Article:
There will be vintage motorbikes galore on show – including some of the earliest types from around 1910 – at the annual vintage motorcycle event on Sunday 11th June. ‘The Bamburgh Run’ will start and end at Etal Village Hall and will take in the quieter roads of north Northumberland, with part of the route passing along the road between Seahouses and Bamburgh Castle. You can view the bikes and chat to the owners before they set off at around 10.30am, or when they return to the village hall at around 3pm.
Bellshill Farm, near Belford, is hosting an Open Farm Sunday on 11th June – a great opportunity for everyone, young and old, to discover at first hand what it means to be a farmer, and the fabulous work they do producing our food and managing the countryside. An open day is also taking place at Cragend Farm, Rothbury, on Wednesday 14th June, where visitors can explore the Victorian farm steading designed and created by Lord Armstrong of Cragside.
Lovers of traditional music can enjoy a lively concert of tunes, songs and stories at the Memorial Hall, Craster, on Tuesday 13th June, featuring the Northumbrian smallpipes, fiddle, and Renaissance and Swedish bagpipes.
Explore some of Northumberland’s incredibly beautiful countryside with an organised walk in the glorious Harthope Valley, near Wooler. This ‘Rangers’ Favourite Walk’ takes place on Sunday 11th June and is suitable for most abilities. There are plenty of chances to stop and take in the views and catch you breath – and even though it includes a short, steep climb, it’s well worth the effort, with spectacular views up the valley and over the coastline.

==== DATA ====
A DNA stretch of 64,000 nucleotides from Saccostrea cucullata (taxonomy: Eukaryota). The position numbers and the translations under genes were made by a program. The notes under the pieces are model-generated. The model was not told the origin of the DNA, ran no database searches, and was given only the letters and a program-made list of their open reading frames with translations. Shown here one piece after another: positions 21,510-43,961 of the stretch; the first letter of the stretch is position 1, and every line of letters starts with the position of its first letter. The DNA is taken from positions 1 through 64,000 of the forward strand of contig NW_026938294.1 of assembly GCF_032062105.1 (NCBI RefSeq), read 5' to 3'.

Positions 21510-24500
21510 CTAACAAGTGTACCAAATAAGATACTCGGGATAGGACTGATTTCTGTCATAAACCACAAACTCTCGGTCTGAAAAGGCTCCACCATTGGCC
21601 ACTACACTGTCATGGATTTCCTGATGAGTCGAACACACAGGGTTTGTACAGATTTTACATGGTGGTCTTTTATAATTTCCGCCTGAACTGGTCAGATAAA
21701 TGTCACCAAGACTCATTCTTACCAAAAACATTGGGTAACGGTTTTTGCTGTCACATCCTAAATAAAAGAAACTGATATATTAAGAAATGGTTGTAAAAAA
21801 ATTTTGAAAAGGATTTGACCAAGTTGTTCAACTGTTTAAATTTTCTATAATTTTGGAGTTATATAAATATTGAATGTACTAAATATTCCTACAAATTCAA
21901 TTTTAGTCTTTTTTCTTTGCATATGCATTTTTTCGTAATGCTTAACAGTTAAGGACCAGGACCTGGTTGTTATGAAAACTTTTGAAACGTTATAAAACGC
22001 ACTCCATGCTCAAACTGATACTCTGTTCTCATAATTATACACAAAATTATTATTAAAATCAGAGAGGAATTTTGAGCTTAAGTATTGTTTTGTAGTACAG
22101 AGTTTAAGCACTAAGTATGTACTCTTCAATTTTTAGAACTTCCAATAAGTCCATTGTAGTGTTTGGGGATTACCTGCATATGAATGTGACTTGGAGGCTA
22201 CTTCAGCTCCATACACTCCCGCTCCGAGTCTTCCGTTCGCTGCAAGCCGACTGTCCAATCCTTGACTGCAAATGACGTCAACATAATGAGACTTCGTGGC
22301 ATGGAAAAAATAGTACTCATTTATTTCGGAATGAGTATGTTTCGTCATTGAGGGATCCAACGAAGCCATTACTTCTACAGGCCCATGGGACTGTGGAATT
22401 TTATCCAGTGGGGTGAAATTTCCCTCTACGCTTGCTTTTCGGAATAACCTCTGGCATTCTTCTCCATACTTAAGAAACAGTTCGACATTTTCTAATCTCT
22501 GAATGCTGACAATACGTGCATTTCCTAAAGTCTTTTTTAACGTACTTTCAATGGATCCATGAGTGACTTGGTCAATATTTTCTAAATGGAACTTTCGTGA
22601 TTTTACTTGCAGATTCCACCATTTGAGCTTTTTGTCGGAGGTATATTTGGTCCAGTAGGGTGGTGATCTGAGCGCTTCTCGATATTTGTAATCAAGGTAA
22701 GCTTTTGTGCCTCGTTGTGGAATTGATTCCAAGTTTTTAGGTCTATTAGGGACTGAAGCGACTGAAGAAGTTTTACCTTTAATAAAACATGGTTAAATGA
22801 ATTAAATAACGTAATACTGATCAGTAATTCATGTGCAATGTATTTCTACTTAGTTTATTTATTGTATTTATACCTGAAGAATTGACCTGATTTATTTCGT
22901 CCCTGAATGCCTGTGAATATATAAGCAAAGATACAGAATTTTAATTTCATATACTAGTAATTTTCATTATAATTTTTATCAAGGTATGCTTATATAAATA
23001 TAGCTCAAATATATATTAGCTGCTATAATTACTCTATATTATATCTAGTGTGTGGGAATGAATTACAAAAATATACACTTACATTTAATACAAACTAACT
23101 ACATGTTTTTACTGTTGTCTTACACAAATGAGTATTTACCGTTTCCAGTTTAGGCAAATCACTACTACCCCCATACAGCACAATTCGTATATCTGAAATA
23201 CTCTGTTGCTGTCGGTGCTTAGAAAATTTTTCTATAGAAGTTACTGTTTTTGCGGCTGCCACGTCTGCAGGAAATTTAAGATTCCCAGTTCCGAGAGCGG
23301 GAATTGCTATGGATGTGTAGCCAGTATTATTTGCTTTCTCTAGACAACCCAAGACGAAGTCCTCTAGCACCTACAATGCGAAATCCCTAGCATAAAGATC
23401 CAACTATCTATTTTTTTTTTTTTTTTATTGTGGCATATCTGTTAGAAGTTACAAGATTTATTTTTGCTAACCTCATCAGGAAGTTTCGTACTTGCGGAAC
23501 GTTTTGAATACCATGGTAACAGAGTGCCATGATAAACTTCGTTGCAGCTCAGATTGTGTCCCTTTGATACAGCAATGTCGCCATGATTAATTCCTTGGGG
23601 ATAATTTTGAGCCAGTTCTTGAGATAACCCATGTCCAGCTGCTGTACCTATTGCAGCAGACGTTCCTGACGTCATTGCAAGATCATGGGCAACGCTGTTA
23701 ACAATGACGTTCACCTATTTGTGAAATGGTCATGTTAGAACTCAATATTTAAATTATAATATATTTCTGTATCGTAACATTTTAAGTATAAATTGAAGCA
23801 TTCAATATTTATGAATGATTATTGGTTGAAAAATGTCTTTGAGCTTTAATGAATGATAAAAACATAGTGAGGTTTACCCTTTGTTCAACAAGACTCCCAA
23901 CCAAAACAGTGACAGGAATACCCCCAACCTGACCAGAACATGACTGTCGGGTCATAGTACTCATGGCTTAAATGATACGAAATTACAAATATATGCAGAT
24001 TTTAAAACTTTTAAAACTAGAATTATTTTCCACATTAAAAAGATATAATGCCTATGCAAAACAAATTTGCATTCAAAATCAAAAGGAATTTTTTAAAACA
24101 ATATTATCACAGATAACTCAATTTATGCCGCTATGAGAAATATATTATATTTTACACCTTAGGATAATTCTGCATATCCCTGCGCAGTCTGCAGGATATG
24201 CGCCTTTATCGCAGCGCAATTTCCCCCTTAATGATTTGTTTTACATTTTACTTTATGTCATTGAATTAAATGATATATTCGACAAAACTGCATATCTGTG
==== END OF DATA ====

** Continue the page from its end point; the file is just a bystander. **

Get along to the Keel Row shopping centre in Blyth for The Artisans’ Market on Saturday 10th June. As well as arts and crafts galore, you can sample lots of yummy delicacies from the many food stalls there.
If you want to burn off some energy, why not check out Kielder Sports? Activities you can get involved in include clay pigeon shooting, archery and there’s also an air rifle range. Or if you fancy something a little more relaxing, why not go on a Bastle Walk and find out more about the history of Northumberland? This guided tour is led by ‘King of the Bastles’ local historian Alister Murray. Bastles were fortified farmhouses, found along the Anglo-Scottish border in the area plagued by raiders of both nationalities, who were known as the Border Reivers. The word ‘bastle’ is said to come from the French word, Bastille.